Ethical food pledge from the Co-op

THE East of England Co-operative Society is banning the sale of eggs from caged hens with immediate effect, it was announced yesterday.

THE East of England Co-operative Society is banning the sale of eggs from caged hens with immediate effect, it was announced yesterday.

The society revealed its decision as part of a package of measures aimed at promoting an ethical food policy across its operation, which involves 200 outlets and is the largest independent retailer in East Anglia.

The society also plans to convert its entire own-brand hot beverage range, worth more than £16million a year, to Fairtrade, reduce the weight of its wine packaging and ban a further 66 pesticides from its products.

The moves follow a six-month consultation with 100,000 members and customers across the national co-operative movement.

Members from the East of England society and 11 other independent consumer co-operatives, including the Co-op Group, overwhelmingly supported the stores' existing ethical policies and strongly signalled their future priorities for actions.

The three main areas which emerged as of greatest concern were ethical trading (27%), animal welfare (25%) and the environment (22%).

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The consumer-owned organisation says it is the only retailer to have converted its entire own-brand coffee range to Fairtrade, and is now switching its Co-operative tea and hot chocolate range also.

It says the move will benefit producers in some of the world's poorest countries in East Africa and India. As well as receiving a guaranteed price for their crop, they will get a Fairtrade premium to invest in projects of their choice, such as water supplies, educational equipment and medical facilities.

The ban on eggs from caged hens means all eggs on sale at the East of England Co-op are now free range or organic. The co-op broke ranks with the industry back in 1995, when it became the first retailer to label eggs “intensively produced”, a technically illegal step, which led to a change in the law and to eggs being labelled “from caged hens”.

The chain, which launched what it claimed was the world's lightest whisky bottle last year, is dramatically reducing the glass used to bottle 26 different wines, amounting to around 8.2million bottles a year. It estimates the measure will save 450 tonnes of glass a year.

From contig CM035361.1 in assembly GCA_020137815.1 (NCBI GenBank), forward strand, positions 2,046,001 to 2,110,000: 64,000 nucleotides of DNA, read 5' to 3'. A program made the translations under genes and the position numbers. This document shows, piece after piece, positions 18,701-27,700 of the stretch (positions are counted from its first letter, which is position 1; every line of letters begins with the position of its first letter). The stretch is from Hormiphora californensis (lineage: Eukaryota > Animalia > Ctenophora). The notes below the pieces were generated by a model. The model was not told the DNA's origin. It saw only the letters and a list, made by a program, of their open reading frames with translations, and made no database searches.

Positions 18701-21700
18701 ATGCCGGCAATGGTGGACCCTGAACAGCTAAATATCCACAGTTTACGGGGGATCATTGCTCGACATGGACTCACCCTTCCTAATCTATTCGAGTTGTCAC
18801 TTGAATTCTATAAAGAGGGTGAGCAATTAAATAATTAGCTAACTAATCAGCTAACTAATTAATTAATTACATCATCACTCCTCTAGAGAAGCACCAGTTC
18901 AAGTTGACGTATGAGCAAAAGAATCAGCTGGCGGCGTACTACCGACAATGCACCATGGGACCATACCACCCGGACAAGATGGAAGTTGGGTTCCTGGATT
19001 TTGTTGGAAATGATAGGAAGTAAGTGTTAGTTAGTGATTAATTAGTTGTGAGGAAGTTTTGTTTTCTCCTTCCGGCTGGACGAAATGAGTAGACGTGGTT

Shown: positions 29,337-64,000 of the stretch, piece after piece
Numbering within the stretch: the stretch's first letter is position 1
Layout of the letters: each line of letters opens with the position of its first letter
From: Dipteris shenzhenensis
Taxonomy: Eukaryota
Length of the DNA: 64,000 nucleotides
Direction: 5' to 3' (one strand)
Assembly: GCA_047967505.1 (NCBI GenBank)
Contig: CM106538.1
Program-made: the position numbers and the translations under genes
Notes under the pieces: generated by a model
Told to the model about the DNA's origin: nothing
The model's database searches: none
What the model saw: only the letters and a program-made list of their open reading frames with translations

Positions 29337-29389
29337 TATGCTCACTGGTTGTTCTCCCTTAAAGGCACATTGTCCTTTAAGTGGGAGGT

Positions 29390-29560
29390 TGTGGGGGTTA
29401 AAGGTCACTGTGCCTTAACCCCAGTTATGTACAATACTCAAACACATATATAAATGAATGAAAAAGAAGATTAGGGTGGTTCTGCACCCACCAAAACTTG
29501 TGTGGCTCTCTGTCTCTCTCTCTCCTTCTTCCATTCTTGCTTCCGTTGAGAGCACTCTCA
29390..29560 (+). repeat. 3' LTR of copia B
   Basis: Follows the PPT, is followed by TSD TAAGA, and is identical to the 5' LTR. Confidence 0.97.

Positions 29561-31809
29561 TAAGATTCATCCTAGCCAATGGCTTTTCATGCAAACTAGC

Its latest pesticides ban mean there are now 98 chemicals on its prohibited list.

East of England Co-operative Society chief executive Richard Samson said their members had endorsed their ethical approach to business, and provided them with “some real challenges” for the future.

“We have listened to what they have had to say and are taking action in key priority areas now and not at some far off or unspecified point in the future,” he said.

“On the environment, members have said that they want to see action on packaging and waste, so today we're announcing a major reduction in the weight of our wine packaging, as glass accounts for half of all of our packaging by weight. And, given that members were so supportive of our commitment to remove substances of concern, we are also announcing today that our prohibited list of pesticides for own-brands produces has triple to almost 100.”

Peter Marks, the Co-operative Group's chief exec, added: “More than one in four of our members cited ethical trading as their priority, and in particular support for Fairtrade, so we're converting our entire range of own-brand tea to Fairtrade.

“By the middle of this month all tea produced under The Co-operative label will be Fairtrade. Alongside our Fairtrade coffee and hot chocolate, this means that all our own-brand hot beverages benefit producers in developing countries.”